Genetically Engineered Crops
deliberate release of specific genes into a species to
genetically modified organisms"
Who are the players, what is at stake,
~~~ Are these crops safe for consumers?
Council of Canadians
With respect to genetically engineered foods: the life enhancing or life saving benefits
must be demostratable; independent peer review must determine with scientific certainty no
adverse impact for humans or the natural environment; GE products must be clearly labeled
in order to permit informed choice. (1999)
The Citizens Conference on Food Biotechnology
Is this a beneficial technology for all society? Is this a safe technology? Can the use of
this technology respect the individuality of mankind? We conclude that the answer is yes,
if we make it so. Our recommendations are intended to ensure that biotechnology
belongs to us all. (1999)
Canadian Council of Grocery Distributors
CCGD is confident that the Canadian Novel Food Guidelines provide the assurance of safety
of biotechnology products equal to that of all new foods entering the marketplace.
CCGD will provide a consistent approach to genetically modified foods, and provide
creditable information. CCGD will be involved in labeling in response to consumer
inquiries and regulatory issues. (1998)
Consumers' Association of Canada
The consumer interest in biotechnology lies in the protection of consumers' rights to
information, to safety, quality and choice to be heard and to participate in decision
making as applications of biotechnology are developed in healthcare and food protection.
The Scientific Community
of Concerned Scientists
UCS promotes an economically and environmentally sustainable agriculture system, believing
the current industrial nature of modern agriculture is not sustainable. UCS attempts
to evaluate new technologies for their potential to advance sustainable agriculture and to
ensure that the products of technology are properly regulated.
Canadian Organic Growers believes that genetically engineering (GE) contradicts the tenets
of organic growing and is detrimental to environmental stability and food quality.
GE plants, seeds, pollen, microbes and DNA threaten the natural complexity on which
organic agriculture and the food system is based. Inadequate research has been done
on the potential long term hazards on the environment and on humans by the introduction of
GE into the food system. (1999)
Institute of Canada
The Agriculture Institute of Canada (AIC) supports the responsible use of biotechnology as
a tool for the advancement of science and technology towards a more sustainable future.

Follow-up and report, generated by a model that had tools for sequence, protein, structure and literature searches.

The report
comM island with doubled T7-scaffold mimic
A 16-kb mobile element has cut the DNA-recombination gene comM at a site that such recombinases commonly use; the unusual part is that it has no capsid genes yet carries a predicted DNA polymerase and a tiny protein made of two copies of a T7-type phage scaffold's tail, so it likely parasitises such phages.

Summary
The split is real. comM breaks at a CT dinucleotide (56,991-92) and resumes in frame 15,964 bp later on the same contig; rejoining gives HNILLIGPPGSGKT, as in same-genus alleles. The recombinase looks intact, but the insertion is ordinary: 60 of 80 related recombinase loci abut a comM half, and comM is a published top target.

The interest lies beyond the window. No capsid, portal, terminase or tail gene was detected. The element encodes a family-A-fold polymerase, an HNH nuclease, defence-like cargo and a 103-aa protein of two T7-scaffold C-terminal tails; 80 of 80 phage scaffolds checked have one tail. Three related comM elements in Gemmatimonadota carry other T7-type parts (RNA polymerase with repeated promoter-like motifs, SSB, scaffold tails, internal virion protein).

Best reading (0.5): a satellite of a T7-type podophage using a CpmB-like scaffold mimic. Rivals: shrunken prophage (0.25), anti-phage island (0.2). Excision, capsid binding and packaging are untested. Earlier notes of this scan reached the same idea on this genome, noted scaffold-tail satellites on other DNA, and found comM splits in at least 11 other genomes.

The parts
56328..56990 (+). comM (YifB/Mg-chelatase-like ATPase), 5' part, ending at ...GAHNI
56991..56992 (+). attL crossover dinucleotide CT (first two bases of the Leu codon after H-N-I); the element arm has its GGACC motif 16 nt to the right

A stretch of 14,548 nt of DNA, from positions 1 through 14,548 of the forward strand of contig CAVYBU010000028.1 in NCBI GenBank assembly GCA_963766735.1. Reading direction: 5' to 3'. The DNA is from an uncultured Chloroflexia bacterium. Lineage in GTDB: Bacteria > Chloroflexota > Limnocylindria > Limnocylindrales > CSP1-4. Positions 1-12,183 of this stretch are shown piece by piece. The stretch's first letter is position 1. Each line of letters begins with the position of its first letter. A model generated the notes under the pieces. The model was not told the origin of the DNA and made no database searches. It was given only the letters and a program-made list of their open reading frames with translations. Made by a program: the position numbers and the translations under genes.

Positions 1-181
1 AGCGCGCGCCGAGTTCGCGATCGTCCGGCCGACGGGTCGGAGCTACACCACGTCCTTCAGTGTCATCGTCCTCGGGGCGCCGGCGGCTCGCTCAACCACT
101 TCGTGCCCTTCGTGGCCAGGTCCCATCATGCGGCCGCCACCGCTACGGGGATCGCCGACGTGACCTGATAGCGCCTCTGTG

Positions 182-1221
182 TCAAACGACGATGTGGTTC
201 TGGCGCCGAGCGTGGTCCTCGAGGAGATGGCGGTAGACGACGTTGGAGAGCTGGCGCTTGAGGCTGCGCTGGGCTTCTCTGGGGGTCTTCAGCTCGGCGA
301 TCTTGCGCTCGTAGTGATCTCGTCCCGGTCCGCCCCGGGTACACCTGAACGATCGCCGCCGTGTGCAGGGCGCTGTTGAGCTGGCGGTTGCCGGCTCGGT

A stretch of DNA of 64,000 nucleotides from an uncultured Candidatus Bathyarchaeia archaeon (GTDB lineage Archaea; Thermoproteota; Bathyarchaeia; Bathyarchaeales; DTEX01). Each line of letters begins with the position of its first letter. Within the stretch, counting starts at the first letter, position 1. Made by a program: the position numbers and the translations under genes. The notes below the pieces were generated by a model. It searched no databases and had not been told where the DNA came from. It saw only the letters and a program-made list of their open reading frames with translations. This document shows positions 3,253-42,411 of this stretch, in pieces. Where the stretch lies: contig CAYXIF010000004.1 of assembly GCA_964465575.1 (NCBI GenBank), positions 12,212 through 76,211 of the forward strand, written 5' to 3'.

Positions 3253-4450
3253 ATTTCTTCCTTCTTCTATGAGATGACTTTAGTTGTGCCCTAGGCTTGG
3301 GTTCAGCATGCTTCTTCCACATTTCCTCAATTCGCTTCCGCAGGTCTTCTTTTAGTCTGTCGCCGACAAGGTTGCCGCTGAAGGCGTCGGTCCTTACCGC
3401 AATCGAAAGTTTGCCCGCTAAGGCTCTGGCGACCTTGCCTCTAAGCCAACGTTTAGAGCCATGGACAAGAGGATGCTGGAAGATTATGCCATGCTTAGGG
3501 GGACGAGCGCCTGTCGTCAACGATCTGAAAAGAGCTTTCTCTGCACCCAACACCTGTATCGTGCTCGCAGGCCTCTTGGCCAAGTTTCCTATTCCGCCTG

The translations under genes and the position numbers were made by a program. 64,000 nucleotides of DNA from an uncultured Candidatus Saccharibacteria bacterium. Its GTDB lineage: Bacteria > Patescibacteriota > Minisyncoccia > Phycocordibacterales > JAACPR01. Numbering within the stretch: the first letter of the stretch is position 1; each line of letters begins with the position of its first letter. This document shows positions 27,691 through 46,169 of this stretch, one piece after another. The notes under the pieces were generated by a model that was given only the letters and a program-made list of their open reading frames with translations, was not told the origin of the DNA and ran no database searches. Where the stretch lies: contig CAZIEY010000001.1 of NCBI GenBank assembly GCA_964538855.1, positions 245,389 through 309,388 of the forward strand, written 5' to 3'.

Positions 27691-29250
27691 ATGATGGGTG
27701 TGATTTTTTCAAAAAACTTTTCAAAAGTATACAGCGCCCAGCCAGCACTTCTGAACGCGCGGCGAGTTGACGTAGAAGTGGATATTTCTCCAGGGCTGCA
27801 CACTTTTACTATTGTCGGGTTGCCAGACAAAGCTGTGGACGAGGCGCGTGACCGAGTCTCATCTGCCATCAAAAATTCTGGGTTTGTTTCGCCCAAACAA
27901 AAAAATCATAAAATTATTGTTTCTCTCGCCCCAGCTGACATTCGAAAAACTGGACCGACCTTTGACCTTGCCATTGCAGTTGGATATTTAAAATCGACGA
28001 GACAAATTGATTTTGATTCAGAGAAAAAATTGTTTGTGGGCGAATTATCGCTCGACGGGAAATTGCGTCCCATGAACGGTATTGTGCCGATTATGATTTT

Farmers see new technologies as tools to further their goal of producing an abundance of
wholesome, nutritious food, with the added benefits of reducing input costs and
environmental effects. Why and how biotechnology products are used will vary from
farm to farm to meet the specific management needs of the farmer to meet this goal. (1988)
Federation of Agriculture
The Canadian Federation of Agriculture recognizes in principle the rational and
responsible use of new technologies in agriculture and agri-food. Included in these
new technologies is the development and use of genetically modified plants. (1994)
The Convention on
Biological Diversity's objectives are "the conservation of biological
diversity, the sustainable use of its components and the fair and equitable sharing of the
benefits arising out of the utilization of genetic resources." The Convention is thus
the first global, comprehensive agreement to address all aspects of biological diversity:
genetic resources, species, and ecosystems. It recognizes - for the first time - that the
conservation of biological diversity is "a common concern of humankind" and an
integral part of the development process. To achieve its objectives, the Convention - in
accordance with the spirit of the Rio Declaration on Environment and Development -
promotes a renewed partnership among countries. Its provisions on scientific and technical
cooperation, access to genetic resources, and the transfer of environmentally sound
technologies form the foundations of this partnership.
For a report on the January 2000 Montreal
In the United States
Under FDA policy developers of bioengineered foods are expected to consult with
the agency before marketing, to ensure that all safety and regulatory questions have been
fully addressed. FDAs policy also requires special labeling for bioengineered foods
under certain circumstances. For example, a bioengineered food would need to be called by
a different or modified name if its composition were significantly different from its
conventionally grown counterpart, or if its nutritive value has been significantly
altered. Special labeling would be required if consumers need to be informed about a
safety issue, such as the possible presence of an allergen that would not normally be
found in the conventionally-grown product.
FDA has a new initiative to engage the public about foods made using bioengineering. This
initiative will begin with a series of public meetings in November and December, 1999.